The Past and Present Gender Wage Gap in Canada | Only Skip navigation
Canadian Gender Wage Gap: The Gap is still GAPING

Canadian Gender Wage Gap: The Gap is still GAPING


Can you believe that the gender wage gap STILL exists? It prevails in some way or another in every country in the world - even in Canada. Before we dive into this issue, it is important to acknowledge that gender is viewed on a spectrum, and much of the research done to date focuses on gender as a binary construct (i.e. women and men). According to the research to date, the wage gap impacts women negatively in many ways, and it is even greater for women within the LGBTQIA+ community, for Indigenous people, and for racialized and/or recent immigrants. 

How Is the Wage Gap Measured? 

There are three ways that the gender wage gap is typically measured; which are by comparing genders in terms of:

  1. Annual earnings of all workers (full and part-time). 
  2. Annual earnings of full-time workers only. 
  3. Hourly pay of full-time workers.

This last one will be my focus — as it takes into account the dual burden of women who are working a full-time job, and, more often than not, also taking on significant family responsibilities.

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Photos:

1- Unsplash via Standsome

2- Unsplash via Brook Lark

A Bit of Canadian History  

Research depicts that the gender wage gap originates from the old-fashioned perspective of gender roles – you know, the outdated idea that the husband brings home the money and the wife prepares dinner, tends to the house, and raises the children. During WWI, women took over a majority of the jobs of men that went to war. However, they received much lower wages for the same work. Following the war, women were forced out of their employment until the Great Depression of the 1930s, when they were encouraged to rejoin the workforce. In 1998, the wage gap sat at 18.8% in Canada —- with men making an average of $5.17 more per hour. By 2018, it had narrowed to 13.3%, with men making $4.12 more per hour. Today, while women have been working the same jobs as men for decades, the wage gap still persists.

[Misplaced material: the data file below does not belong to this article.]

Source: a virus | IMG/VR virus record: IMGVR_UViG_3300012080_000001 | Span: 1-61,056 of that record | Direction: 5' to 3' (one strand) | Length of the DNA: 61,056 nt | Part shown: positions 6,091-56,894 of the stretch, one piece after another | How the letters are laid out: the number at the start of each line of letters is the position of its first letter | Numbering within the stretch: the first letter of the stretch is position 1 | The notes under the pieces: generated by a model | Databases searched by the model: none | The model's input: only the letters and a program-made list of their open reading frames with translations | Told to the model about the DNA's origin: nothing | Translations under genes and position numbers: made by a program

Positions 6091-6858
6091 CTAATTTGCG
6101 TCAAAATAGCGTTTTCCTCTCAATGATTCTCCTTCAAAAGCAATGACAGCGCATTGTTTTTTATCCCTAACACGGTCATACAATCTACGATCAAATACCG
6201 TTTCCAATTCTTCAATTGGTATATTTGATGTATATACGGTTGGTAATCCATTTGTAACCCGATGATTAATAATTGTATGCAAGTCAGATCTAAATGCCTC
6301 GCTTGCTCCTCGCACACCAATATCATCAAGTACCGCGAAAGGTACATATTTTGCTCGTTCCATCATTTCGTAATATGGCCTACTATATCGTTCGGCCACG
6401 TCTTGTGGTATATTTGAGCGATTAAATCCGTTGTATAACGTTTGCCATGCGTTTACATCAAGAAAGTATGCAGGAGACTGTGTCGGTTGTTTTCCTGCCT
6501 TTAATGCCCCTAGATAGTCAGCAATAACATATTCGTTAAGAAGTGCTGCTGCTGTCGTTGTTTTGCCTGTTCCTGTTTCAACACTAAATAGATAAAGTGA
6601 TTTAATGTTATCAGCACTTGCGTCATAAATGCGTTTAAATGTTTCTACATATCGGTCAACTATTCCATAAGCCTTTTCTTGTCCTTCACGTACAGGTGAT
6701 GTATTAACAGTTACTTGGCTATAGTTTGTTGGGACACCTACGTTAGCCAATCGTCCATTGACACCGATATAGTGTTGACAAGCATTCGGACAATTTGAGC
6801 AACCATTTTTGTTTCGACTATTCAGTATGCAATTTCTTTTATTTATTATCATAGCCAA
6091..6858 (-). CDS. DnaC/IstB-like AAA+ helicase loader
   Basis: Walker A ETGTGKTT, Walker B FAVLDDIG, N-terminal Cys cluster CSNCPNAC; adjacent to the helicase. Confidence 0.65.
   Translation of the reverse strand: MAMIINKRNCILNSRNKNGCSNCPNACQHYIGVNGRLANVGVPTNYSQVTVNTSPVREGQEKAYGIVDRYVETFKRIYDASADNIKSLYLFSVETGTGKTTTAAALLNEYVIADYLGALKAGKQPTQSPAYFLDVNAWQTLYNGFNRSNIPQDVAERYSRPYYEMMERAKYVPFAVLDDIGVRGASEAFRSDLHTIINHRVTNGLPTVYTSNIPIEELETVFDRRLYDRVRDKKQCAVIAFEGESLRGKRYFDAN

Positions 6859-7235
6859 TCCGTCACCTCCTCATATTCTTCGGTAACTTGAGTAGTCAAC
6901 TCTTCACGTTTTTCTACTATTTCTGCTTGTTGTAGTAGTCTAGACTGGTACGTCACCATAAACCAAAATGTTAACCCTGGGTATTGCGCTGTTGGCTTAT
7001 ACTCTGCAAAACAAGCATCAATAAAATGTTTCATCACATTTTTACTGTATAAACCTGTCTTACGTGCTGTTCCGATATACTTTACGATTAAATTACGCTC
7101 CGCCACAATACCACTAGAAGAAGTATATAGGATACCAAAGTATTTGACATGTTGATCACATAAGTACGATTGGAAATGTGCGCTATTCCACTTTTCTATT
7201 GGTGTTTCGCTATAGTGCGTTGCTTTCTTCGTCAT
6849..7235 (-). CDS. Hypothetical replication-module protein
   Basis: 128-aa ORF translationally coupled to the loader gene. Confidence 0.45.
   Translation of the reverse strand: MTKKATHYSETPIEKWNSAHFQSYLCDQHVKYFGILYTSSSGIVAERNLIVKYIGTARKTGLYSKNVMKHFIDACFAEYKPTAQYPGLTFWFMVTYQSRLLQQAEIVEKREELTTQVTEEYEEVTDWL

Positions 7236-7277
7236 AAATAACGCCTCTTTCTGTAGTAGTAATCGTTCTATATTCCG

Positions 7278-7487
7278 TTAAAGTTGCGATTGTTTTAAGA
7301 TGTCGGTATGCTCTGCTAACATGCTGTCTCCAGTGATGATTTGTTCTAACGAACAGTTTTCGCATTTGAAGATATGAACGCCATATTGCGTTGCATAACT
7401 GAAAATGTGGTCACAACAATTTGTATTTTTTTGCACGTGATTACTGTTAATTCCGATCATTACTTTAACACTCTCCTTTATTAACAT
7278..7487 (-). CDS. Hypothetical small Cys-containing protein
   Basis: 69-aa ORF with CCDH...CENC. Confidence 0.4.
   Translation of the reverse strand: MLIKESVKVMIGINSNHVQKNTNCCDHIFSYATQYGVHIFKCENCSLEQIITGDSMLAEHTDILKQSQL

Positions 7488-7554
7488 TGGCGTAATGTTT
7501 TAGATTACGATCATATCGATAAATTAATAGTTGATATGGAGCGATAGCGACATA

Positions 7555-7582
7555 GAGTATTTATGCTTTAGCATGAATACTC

What Contributes to the Wage Gap? 

  1. Women-dominated fields of work tend to be lower-paid than men-dominated fields.
Let’s look at truck driving,  where 97% of truck drivers are male, and the median annual salary is $45,417. Meanwhile, early childhood educators (who require a degree or college diploma) earn a median of $25,334, and 97% of them are female. 

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Photos:

2- Flickr via Miguel Abad

3- Flickr via D.Dorma

  1. More women work part-time than men. 
  2. More women work part-time than men. 

Why is this the case? Perhaps the most common reason is that there is limited affordable childcare available, and women often take on the majority of the domestic work (like caring for children), so they are unable to take on a full-time position. 

The Gap Within the Wage Gap 

Some subgroups of women experience an even more significant wage gap due to intersectionality. The information below is measured from the comparison point of Caucasian (non-racialized) men. 

Indigenous Women

The wage gap for Indigenous women as compared to non-indigenous men is 35%! There is also a pay gap between Indigenous and non-Indigenous men. This varies significantly from region to region as well. 

Women of Colour

The wage gap for racialized women is 33%, according to the 2016 Canadian Census

Immigrant Women 

In 2015, the Canadian immigrant wage gap for women was 23.2%.  When comparing immigrant men to non-racialized men, the gap was slightly lower at 19.2%. 

Transgender Women and Non-Binary Individuals

There is limited research to indicate the current wage gap for transgender women and non-binary individuals. However, a study conducted in 2011 indicates that around half of the transgender community earns $15,000 a year or less than cisgender individuals, meaning a clear wage gap does exist. 

If this ongoing problem continues to narrow at such a slow rate, it is reasonable to assume that it will be a long time until it disappears completely. There are so many income disparities that exist in Canada — and you guessed it — the pandemic has been hitting those with a lower socioeconomic status even harder.